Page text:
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The Power of Eye Contact: A Confidence Building Tool for Business Success

September 09, 2013  |     |   0 Comment

Direct eye contact is vital in the business arena if you are to present yourself with confidence and authority.  Eye contact tells the person with whom you are speaking that you are listening to them – and it actually does help to make you a better listener.

When speaking with a person in a business situation, direct eye contact will help you to focus your attention wholly on that individual.  By doing so, you will make the person with whom you are speaking feel important, while you look in control.  A definite plus in the business world.

The rule-of-thumb when it comes to making direct eye contact is that it should be made 40 to 60 percent of the time during a conversation. Anything less than 40% and you may run the risk of being perceived as shy, shifty, hiding something or lacking self-confidence. If, on the other hand, direct eye contact is made more than 60% of the time during a conversation, a person may feel put on the spot, examined, or under a microscope.

During a conversation, your eyes should support your words. Use smiles and frowns. Both give your face expression. Smile when it is appropriate to what you are saying. An occasional frown makes you look concerned and adds weight to your words.

In addition to eye contact, it is important to understand the signals you are sending with your eyes, and equally important to be aware of the eye signals of others.  Researchers from The University of Oklahoma Health Sciences Center in Oklahoma City found that most people focus on the lower part of the face – the nose, lips and cheeks – during a conversation, even though true feelings are expressed primarily in the upper face, through the eyes, brows and forehead.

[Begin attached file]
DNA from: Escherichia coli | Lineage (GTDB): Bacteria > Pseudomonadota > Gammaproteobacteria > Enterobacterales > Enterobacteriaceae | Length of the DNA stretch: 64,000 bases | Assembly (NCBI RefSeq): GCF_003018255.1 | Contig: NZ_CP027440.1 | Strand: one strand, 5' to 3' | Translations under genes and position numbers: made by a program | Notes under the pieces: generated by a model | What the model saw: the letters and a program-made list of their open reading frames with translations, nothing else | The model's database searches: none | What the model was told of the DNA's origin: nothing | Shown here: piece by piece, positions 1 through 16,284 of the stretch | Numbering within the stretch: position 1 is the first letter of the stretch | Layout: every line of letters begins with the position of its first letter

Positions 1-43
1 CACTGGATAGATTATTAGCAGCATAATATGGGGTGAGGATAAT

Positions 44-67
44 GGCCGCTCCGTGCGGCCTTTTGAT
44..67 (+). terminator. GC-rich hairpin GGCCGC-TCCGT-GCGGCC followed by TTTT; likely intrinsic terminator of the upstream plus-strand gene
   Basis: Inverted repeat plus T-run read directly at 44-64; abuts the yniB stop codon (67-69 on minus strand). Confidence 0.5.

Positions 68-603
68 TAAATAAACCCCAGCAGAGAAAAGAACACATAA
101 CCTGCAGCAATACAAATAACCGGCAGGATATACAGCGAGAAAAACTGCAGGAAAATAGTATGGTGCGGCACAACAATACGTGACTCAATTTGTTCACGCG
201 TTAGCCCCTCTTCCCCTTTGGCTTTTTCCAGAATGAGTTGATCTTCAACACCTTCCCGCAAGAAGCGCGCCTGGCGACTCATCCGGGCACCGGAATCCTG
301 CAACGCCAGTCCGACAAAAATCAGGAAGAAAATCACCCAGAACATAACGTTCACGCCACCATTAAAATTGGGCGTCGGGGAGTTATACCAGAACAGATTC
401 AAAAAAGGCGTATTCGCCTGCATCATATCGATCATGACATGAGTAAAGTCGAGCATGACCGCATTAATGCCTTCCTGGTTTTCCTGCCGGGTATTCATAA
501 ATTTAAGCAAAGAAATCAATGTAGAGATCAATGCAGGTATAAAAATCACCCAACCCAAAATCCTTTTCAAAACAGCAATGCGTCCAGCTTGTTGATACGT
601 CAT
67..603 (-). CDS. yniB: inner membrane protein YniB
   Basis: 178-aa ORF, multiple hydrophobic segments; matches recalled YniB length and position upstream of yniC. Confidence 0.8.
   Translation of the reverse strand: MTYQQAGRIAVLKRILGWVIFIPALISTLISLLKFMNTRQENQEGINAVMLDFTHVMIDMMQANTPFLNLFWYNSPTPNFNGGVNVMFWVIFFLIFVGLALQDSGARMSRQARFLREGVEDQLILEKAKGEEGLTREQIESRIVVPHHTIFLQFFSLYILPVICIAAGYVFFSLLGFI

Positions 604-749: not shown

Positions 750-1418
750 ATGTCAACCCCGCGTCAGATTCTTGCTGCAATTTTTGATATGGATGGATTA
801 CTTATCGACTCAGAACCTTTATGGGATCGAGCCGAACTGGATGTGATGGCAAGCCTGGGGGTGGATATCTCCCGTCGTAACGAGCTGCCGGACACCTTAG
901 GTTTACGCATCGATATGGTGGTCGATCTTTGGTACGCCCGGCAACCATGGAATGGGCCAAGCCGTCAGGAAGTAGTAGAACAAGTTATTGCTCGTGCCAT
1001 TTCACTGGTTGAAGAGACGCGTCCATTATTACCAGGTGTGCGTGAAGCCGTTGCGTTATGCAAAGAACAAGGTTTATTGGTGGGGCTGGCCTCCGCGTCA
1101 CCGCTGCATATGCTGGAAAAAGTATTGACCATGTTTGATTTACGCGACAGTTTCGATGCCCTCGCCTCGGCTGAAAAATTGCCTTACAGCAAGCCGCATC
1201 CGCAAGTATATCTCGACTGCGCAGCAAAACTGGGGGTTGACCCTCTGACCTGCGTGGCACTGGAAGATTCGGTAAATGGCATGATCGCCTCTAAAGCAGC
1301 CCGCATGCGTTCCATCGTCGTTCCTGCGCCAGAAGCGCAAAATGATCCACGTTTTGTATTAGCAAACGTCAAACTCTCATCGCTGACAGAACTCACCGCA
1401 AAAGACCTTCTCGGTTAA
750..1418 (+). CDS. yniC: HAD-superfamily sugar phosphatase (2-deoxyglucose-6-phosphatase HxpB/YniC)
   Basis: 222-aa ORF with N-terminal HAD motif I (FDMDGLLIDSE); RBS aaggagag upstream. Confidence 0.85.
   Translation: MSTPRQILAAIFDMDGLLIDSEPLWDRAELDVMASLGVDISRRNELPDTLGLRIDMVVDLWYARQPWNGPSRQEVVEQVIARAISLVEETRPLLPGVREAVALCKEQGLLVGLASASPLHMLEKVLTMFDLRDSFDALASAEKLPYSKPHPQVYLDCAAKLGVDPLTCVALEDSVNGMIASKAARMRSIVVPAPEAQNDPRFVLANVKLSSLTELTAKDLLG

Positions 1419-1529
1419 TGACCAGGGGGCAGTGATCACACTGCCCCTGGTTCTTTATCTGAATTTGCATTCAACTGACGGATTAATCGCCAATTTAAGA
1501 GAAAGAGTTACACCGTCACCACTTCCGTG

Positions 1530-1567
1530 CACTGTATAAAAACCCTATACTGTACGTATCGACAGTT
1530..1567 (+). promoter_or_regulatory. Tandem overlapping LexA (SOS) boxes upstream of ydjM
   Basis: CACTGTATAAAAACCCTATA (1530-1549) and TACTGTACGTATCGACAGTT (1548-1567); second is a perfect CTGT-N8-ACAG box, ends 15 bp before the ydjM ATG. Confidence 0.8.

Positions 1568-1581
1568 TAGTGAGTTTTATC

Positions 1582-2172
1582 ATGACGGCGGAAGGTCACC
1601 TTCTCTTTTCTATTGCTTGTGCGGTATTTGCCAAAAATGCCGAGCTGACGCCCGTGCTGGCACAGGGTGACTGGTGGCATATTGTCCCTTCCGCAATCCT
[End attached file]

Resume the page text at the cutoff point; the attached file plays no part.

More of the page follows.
During business discussions, visualize a triangle on the other person’s forehead that begins at the bridge of the nose and eyes.  Your “gaze” should be directed in this area at all times.  This creates a serious atmosphere and the other person senses that you are respectful and mean business.  By focusing your “gaze” in this area, you are able to maintain control of the interactions.

A “gaze” below the other person’s eye level indicates that a social atmosphere is developing.  The “gazer” will also look at the area between the eyes and the mouth.  This is definitely not professional.  In intimate encounters, one’s gaze will focus on eyes and other parts of the person’s body.  These glances are never appropriate in business situations.

So, the formula for success when it comes to eye contact in business situations is simply this:  eye’s up; apply the 40%-60% direct eye contact rule; make sure your eyes support your words; and learn to truly listen.

 


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